City council passes budget with some increased fees to account for inflation

Published 12:05 am Thursday, June 23, 2022

SALISBURY — City council on Tuesday night approved a 2022-23 fiscal year budget that maintains the current property tax rate but increases several other fees to account for the rising cost of materials needed to maintain critical infrastructure and provide municipal services.

The $50,631,540 balanced general fund budget reflects a 6.6% increase in spending from the current budget. In addition to the general fund, the water and sewer, transit, broadband and stormwater funds comprise the overall city budget totaling $93,381,414.

The property tax rate will remain at 71.96 cents per $100 valuation.

“I appreciate all that staff has done over the past several months in working on what I think is a very good budget, helping make progress on council’s priority,” City Manager Jim Greene Jr. said. “(It’s) a very tight budget. Obviously, there are more needs than funds that we have. So, I really credit staff for stretching those dollars and providing efficient services.”

Council also commended staff on assembling the budget, especially Finance Director Wade Furches.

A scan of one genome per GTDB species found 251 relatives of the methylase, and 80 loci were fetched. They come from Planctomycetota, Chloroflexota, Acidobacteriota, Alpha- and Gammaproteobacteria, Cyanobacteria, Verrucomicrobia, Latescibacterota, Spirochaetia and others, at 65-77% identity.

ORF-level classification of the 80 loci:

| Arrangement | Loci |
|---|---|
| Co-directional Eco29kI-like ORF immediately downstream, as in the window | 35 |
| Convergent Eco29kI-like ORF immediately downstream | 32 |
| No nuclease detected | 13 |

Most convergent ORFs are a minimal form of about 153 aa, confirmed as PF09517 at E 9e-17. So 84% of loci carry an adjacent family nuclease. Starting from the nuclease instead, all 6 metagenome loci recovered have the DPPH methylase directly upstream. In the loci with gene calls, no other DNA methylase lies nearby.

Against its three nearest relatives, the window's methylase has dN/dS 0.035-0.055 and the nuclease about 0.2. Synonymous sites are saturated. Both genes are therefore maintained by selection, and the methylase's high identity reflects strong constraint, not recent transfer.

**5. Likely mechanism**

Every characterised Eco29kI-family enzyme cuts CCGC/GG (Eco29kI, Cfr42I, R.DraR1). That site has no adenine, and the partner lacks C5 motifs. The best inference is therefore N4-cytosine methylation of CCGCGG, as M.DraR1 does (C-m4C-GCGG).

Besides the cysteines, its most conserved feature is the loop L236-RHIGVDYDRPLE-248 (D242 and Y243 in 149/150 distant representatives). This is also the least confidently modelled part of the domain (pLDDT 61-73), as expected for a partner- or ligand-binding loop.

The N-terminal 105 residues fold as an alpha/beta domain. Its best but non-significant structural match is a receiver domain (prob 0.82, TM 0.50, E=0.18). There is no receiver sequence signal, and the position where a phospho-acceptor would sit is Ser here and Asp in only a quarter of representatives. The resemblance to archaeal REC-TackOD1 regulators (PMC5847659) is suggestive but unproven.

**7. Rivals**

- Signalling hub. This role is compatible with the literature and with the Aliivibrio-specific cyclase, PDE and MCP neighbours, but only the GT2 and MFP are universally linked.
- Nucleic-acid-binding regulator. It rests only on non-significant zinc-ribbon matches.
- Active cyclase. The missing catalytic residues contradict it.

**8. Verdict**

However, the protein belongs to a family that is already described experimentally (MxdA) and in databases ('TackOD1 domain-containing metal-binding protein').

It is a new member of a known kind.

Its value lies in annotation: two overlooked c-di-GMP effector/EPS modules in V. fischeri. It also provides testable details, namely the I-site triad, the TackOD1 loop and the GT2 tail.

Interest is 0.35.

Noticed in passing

The current budget will conclude with over $2 million in surplus which will be returned to fund balance. Appropriating $2 million of fund balance in the upcoming fiscal year will help the city to meet some of the staffing challenges it faces, and to complete several major, one-time capital projects, including sidewalk improvements.

The budget includes a 4.2% increase in water and sewer rates. That would mean a $2.49 per month increase for the average Salisbury-Rowan Utilities customer who uses 4,000 gallons per month. The additional funding generated by the increase will help soften the blow of a 88% increase in water treatment chemical costs and 16% increase in electrical costs.

There will also be a 25-cent increase to stormwater fees to offset inflation and to remain in accordance with the city’s 15-year stormwater capital improvement plan. The stormwater fee increase also would provide funds for stormwater projects to reduce flooding and pollution to maintain compliance.

Most of the details had been hashed out before the budget was officially approved Tuesday night, but council did decide during the meeting to raise the municipal vehicle tax from $10 to $30, the maximum allowed by the state.